Edit Symbol List
Enter up to 25 symbols separated by commas or spaces in the text box below. These symbols will be available during your session for use on applicable pages.
Don't know the stock symbol? Use the symbol lookup tool.
Alphabetize the sort order of my symbols
Avon Products, Inc. (AVP)
Q3 2009 Earnings Call Transcript
October 29, 2009 8:30 am ET
Andrea Jung – Chairman and CEO
Charles Herington – EVP, Latin America and Central & Eastern Europe
Geralyn Breig – SVP and President, North America
John Owen – SVP, Global Supply Chain
Charles Cramb – Vice Chairman, Chief Finance & Strategy Officer
Mark Astrachan – Stifel Nicolaus
Connie Maneaty – BMO Capital Markets
Bill Schmitz -- Deutsche Bank Securities
Linda Weiser – Caris & Company
Chris Ferrara – BofA
Doug Lane – Jefferies
Previous Statements by AVP
» Avon Products, Inc. Q2 2009 Earnings Call Transcript
» Avon Products Inc. Q1 2009 Earnings Call Transcript
» Avon Products Inc. Q4 2008 Earnings Call Transcript
And then I'm going to share with you a little bit of a more strategic perspective. I think the last time we had a company update and a meeting was in February 2007. So it has been some time. So we look forward to sharing the longer-term perspective with you, and then I think we have a great opportunity as we come back from break to hear from three of our great leaders, Charles Herington, on how we're going to sustain leadership in Latin America in our emerging markets; Geralyn Breig, who's going to talk about the great plans we have in place to drive sustainable recovery in North America; and then take one of our global business units, our supply chain and have John Owen, our head of the Supply Chain really talk about how the structure, the process and the technology is driving true transformation, and tremendous growth as well as cost opportunities for the corporation.
Chuck will then sort of end with how to look at this going forward from a financial perspective, and then we will have some time to take questions and answers, and we promise we will be done around 12:30.
So with that I will just let Chuck take you through a quarter. Thanks.
Thank you Andrea. Well, I'm going to give a quick overview of the third quarter financial results, and I can tell you it is a pleasure to be here to share these with you. We are very pleased with how we have been managing through what has been a challenging 2009. And it really is I think showing in our overall financial results and our performance.
Think about it in terms of key results first. Our local currency revenues were up 7% in the quarter, US down 4% in reported dollars. There is 11% exchange drag still impacting our results, but local currency up 7. Units, the driver for the local currency growth, were up 5%, and Beauty is up 8% in local currency. That is the mainstay of our business. That is the focus of it, and we have got 8% growth within the Beauty category.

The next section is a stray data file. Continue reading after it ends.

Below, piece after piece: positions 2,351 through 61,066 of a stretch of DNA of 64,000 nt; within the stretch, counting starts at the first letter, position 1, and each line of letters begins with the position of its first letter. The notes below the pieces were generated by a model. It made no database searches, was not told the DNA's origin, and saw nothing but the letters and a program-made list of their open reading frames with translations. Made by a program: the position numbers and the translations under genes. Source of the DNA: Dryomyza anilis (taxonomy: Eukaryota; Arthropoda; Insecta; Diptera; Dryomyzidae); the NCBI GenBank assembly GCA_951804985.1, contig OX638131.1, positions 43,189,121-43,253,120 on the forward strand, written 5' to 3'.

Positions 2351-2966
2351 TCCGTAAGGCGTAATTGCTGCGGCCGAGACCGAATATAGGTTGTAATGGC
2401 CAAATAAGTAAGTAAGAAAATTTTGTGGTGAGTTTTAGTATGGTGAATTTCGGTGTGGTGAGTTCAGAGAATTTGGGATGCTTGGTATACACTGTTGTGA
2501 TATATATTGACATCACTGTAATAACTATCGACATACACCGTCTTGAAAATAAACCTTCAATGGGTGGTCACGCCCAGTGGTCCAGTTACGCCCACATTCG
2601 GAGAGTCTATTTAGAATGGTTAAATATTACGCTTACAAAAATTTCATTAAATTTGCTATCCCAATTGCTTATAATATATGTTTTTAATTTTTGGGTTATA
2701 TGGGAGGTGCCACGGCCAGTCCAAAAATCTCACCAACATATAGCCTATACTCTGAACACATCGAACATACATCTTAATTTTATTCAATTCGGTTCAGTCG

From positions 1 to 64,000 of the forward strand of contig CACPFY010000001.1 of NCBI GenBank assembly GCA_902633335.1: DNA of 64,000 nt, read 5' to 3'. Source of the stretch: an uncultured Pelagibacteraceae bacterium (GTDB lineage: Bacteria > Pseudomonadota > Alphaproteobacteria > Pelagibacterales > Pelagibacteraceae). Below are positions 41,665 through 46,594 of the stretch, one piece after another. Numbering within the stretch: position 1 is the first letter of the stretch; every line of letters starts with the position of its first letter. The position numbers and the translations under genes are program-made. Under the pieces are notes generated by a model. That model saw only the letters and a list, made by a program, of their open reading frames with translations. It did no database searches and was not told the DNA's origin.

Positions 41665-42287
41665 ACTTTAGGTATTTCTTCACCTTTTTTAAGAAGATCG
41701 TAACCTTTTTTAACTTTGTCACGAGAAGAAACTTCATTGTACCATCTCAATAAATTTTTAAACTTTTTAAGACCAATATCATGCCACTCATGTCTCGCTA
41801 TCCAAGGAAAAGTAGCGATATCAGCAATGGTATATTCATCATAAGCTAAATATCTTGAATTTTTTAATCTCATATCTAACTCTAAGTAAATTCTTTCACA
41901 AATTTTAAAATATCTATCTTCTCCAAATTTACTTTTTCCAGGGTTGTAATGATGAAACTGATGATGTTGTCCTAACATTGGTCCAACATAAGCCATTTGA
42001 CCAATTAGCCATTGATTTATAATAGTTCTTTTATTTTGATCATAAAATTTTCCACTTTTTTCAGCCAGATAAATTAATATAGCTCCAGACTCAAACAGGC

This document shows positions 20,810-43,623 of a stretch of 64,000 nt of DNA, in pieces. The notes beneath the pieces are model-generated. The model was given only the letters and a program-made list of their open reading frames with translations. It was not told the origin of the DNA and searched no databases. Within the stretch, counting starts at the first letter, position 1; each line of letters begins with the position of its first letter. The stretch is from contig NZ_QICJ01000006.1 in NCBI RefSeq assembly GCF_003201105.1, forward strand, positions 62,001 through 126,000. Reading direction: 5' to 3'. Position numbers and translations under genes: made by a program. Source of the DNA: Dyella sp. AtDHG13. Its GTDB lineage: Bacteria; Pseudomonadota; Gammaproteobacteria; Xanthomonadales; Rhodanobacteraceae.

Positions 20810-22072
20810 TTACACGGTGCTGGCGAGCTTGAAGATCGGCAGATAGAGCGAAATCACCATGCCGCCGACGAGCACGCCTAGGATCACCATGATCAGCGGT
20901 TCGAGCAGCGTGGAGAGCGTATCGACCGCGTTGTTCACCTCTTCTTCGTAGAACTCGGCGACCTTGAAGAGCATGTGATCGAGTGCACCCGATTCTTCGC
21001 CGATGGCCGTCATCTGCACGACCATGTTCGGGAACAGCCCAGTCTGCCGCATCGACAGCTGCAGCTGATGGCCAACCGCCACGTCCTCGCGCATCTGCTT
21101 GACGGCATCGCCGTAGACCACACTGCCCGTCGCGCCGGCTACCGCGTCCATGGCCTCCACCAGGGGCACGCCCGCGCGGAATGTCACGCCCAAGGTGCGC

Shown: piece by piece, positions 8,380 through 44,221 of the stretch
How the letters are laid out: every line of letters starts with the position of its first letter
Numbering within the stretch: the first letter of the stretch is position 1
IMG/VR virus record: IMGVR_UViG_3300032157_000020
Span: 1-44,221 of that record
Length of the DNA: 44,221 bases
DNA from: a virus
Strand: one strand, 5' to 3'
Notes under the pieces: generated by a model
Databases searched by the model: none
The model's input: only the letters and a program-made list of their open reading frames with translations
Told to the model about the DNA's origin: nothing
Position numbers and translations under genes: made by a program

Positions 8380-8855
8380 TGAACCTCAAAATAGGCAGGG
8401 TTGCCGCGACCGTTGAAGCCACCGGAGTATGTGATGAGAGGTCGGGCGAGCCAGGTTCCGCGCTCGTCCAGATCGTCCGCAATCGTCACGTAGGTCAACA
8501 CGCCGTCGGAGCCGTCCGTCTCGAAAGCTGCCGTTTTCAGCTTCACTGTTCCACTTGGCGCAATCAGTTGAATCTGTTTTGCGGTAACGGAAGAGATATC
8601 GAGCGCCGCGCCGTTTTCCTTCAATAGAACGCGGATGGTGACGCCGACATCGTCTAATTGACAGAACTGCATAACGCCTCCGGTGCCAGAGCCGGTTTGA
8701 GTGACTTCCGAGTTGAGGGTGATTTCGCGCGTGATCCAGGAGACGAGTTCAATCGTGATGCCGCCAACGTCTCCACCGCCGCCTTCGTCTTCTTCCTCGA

Active representatives, our lifeline, our heart up 10%, another quarter of double-digit growth with active representatives. And our major transformational initiatives are working. We are on target on all of them, whether it is strategic sourcing, product line simplification, zero overhead growth or the 2005 and then the 2009 restructuring programs. Thinking about our revenue in terms of the local currency growth, it has been relatively broad based.
This chart shows on the top the local currency growth and then the dollars on the bottom side as we look at it certainly this year's results for the second and third quarter. Importantly here is you can see impact of the global recession when it really hit in the last half of 2008, and our progress since we adjusted our playbook for it coming to accelerated growth, 3%, 5% and now 7% quarter by quarter by quarter this year.
And it is very broad-based, Latin America up 18%, continuing to be a major growth driver, but importantly WEMEA, Western Europe, Middle East and Africa is up 7% and Central and Eastern Europe is also up 7% in the quarter. Important to me as I think about the business is the quality of the sales, and I think you should think about coming out of the end of last year, we got a little bit out of balance in terms of unit growth versus what we are achieving from price and mix, and we worked through the playbook that we shared with you to get some rebalance in there between price mix and volume, and it is really coming through now, and you can see in the last three quarters, unit growth has accelerated.
In fact, unit growth outperformed price mix in this third quarter. In terms of our Beauty categories, we have got local currency revenue growth in all four categories. It is led by color, it is up 17%; fragrance and personal care 9% and 7%; and then skin care is up about 1%. Just a quick flash on that, color cosmetics the launch of style too really a major driver in that 17% currency growth. Skin care up at 1%, less than the rest of the Beauty categories and that really ties in with the match of our promotional programs in terms of new product introductions as opposed to anything else.